Rules for Connecting on LinkedIn

April 23, 2019

LinkedIn is one of the most valuable platforms for a Realtor. Not only can you make professional connections and seek advice, but you can also connect with potential leads and share your own expertise. But how do you know who to connect with? Can you connect with too many people? Or too few? We’ll discuss a few dos and don’ts of connecting on LinkedIn.

Connect With Purpose

Your goal for connecting with someone should never, ever be to increase your connections. You should have reason and purpose for each connection you make. If someone connects with you, look to see if their position and company makes sense for you to connect with. Even if you do not know them, they could be seeking your professional skills or advice. Generally, you can be more lenient about the requests you accept than the requests you make, considering that the person requesting may have purposeful motives for connecting with you.

When you connect with someone, you should have a good reason. If too many people click “I do not know this person” when you connect with them, your LinkedIn account can be restricted. Real estate is relational! It is best if you can send a message with your connection request explaining why you are connecting and how you know of the person you are requesting.

Connect With Mutual Benefit In Mind

When connecting with people on LinkedIn, you should not be thinking “What can I get from this person?” You want to consider what you could offer them. Whether it be innovative ideas, specific talents, or other beneficial connections, you should connect with the intention of offering something to the other person. You can even mention that in your request message if room allows.

Connection Request Message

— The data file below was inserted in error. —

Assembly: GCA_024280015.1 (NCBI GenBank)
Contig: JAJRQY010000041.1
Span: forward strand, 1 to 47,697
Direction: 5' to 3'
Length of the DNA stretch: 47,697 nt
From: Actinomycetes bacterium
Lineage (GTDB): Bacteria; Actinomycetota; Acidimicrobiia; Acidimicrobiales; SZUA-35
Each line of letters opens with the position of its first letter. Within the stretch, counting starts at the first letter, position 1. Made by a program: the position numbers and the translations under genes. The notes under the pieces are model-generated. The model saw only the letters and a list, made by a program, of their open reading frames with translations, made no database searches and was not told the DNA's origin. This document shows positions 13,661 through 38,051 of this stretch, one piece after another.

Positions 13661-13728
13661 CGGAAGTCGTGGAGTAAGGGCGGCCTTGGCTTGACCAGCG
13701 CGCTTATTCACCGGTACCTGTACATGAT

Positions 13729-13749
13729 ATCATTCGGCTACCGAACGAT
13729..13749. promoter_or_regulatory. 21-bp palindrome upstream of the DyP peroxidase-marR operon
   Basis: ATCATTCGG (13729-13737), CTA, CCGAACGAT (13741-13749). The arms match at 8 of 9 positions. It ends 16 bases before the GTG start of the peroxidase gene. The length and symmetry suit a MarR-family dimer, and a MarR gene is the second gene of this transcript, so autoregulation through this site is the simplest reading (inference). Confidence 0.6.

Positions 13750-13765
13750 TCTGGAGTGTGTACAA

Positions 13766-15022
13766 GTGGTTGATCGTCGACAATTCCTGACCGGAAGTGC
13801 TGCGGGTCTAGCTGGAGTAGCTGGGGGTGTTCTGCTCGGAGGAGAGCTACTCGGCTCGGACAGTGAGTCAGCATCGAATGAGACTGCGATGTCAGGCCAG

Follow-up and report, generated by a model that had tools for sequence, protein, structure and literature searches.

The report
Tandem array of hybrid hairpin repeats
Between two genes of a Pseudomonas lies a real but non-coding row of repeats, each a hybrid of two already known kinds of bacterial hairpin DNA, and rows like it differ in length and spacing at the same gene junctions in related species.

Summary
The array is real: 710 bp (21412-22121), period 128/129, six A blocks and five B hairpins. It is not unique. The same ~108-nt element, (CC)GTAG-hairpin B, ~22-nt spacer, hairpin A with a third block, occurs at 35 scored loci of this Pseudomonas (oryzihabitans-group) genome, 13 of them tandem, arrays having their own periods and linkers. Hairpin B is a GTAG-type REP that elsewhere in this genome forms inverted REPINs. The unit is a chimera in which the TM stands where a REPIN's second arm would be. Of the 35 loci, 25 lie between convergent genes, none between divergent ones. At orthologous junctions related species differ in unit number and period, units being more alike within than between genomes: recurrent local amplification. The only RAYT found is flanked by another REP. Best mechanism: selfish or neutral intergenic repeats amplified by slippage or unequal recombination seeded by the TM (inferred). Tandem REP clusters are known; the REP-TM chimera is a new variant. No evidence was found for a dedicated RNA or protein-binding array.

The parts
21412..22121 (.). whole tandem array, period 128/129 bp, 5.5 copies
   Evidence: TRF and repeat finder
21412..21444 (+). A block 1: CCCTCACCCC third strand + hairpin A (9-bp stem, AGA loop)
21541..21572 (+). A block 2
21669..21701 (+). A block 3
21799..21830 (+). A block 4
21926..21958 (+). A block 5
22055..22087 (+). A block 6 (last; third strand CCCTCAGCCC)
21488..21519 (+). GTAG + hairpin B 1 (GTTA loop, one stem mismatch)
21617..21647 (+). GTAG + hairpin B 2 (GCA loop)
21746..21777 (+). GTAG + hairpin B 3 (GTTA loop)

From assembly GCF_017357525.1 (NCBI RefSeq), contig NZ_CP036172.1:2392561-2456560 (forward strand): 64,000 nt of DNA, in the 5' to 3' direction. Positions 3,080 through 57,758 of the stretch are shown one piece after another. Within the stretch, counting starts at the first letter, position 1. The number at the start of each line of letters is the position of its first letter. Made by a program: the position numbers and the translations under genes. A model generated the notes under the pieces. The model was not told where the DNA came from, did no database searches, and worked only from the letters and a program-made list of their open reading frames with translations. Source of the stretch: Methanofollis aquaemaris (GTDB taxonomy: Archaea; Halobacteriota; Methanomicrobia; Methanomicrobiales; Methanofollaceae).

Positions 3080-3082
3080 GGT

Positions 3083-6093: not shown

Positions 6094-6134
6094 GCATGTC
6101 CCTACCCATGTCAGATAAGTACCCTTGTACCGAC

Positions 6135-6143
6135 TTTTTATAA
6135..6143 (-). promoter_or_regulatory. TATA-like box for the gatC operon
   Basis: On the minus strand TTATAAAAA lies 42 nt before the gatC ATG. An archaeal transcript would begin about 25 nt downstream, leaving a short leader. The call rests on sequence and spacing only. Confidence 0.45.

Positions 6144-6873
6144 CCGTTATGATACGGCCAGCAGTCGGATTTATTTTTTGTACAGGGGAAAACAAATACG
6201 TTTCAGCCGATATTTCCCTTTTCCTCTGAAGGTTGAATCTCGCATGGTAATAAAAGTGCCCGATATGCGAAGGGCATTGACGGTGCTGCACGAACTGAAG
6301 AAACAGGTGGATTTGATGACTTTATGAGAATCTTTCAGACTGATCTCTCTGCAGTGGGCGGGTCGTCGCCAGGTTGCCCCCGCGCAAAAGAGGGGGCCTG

It’s great to send a message accompanying your LinkedIn connection request - but what do you say? You have a limited number of characters to include in your message, so you’re going to have to be short and to the point. Address the person you are messaging. If you have met them or have a strong mutual connection, mention that. Then, state your reason for connecting.

Here is an example:

Dear Mr. Smith,

I really enjoyed speaking with you at the Realtor Conference in Atlanta last week. I would love to hear more about how your work in the up and coming neighborhood in east Atlanta.

Thank You,

Vicky Villager

It is short and to the point and may seem insufficient, but the LinkedIn character limit does not leave a lot of room for fluff, so it is better to be direct.

If someone connects with you and sends you a message, be sure to respond within about two days if you accept the request. Thank them for connecting with you or even follow up with a request for a call if it would benefit you both.

Connecting Other People

If you know two people who would benefit from connecting, you can introduce them on LinkedIn. Introducing people who would  benefit from knowing one another is selfless, but also shows off how well you know the people you are connected with. This is a practice that proves great networking skills.

Remember - connect carefully. Never connect for the numbers. Always consider how a connection could be mutually beneficial. Send a thoughtful message. Pay attention to the needs of the people you connect with and look to help them out if you are able.

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